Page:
KFC is owned by Louisville, Kentucky-based Yum Brands, which has no publicly stated policy on antibiotic use in the production of meat it buys. Chick-fil-A, another chicken restaurant chain that competes with KFC, says about 20 percent of the chicken it serves is raised without any antibiotics, and that its entire supply chain will be converted by 2019.
Both McDonald's and Yum are stepping up efforts to win back younger and wealthier diners lured away by chains such as such as Chipotle Mexican Grill and Panera Bread, which boast antibiotic-free meats and other high-quality ingredients. Yum's KFC restaurants in China two years ago suffered a massive sales hit following local media reports that a few poultry farmers supplying KFC fed excessive levels of antibiotics to their chickens.
"The train has left the station," Bob Goldin, a food services company consultant at Technomic in Chicago, said of McDonald's influence on U.S. chicken production standards.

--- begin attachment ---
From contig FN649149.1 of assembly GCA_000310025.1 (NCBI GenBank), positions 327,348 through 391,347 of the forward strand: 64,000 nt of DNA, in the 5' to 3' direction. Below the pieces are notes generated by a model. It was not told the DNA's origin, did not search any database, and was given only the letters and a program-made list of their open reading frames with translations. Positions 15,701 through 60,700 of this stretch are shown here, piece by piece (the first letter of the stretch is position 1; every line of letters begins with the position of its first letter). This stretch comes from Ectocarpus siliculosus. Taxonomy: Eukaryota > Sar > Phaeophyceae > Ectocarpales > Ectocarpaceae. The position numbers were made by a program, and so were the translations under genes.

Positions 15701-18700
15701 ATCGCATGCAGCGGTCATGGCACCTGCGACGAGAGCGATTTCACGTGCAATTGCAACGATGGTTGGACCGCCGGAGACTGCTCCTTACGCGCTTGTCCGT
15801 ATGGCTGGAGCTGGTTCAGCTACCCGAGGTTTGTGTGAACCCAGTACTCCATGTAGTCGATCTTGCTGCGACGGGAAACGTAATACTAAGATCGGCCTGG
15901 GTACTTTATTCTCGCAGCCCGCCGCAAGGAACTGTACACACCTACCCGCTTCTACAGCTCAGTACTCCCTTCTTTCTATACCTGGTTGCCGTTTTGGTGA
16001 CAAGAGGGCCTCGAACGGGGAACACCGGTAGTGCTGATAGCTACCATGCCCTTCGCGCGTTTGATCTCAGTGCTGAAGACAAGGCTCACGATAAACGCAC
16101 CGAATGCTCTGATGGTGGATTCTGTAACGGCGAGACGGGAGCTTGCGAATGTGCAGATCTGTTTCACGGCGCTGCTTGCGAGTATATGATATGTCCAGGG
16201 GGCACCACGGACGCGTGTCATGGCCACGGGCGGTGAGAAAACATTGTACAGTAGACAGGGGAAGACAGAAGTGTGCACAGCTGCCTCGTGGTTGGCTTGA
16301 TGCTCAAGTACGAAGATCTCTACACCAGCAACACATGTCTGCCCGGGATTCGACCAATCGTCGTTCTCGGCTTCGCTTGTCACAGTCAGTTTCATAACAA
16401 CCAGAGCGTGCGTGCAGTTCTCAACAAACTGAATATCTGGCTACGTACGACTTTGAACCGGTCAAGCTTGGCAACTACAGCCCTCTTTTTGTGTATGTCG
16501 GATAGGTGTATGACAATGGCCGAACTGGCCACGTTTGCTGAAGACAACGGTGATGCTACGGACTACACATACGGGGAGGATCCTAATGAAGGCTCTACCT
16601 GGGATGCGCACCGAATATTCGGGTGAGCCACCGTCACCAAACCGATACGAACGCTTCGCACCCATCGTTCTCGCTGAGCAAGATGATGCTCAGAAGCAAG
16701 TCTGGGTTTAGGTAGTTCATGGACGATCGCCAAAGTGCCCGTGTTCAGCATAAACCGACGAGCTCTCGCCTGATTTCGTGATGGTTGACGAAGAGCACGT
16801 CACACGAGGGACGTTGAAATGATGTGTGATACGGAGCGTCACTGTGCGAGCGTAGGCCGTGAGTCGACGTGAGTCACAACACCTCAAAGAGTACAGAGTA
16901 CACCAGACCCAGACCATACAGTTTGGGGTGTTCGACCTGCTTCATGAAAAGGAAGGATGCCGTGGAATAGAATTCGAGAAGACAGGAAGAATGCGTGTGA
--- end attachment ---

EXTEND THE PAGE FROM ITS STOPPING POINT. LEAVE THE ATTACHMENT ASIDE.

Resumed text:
Yum, which also owns the Taco Bell and Pizza Hut chains, declined to discuss its standards for antibiotic use in meat production.
"The chicken served in our U.S. restaurants is USDA high quality, and free of antibiotics," the company said in an emailed response to Reuters queries.
The antibiotic-free statement refers to a lack of residue in the meat served at its restaurants and not the practice of delivering antibiotics to chickens before they are slaughtered, said Steven Roach, food safety program director at Food Animal Concerns Trust in Chicago.
The U.S. Department of Agriculture has three classifications for poultry, A, B, and C, and doesn't have a "high quality" designation for chicken. Poultry rated A is what's typically found at retail, while poultry rated B or C is usually used in further-processed products where the meat is cut up, chopped, or ground, according to a USDA website.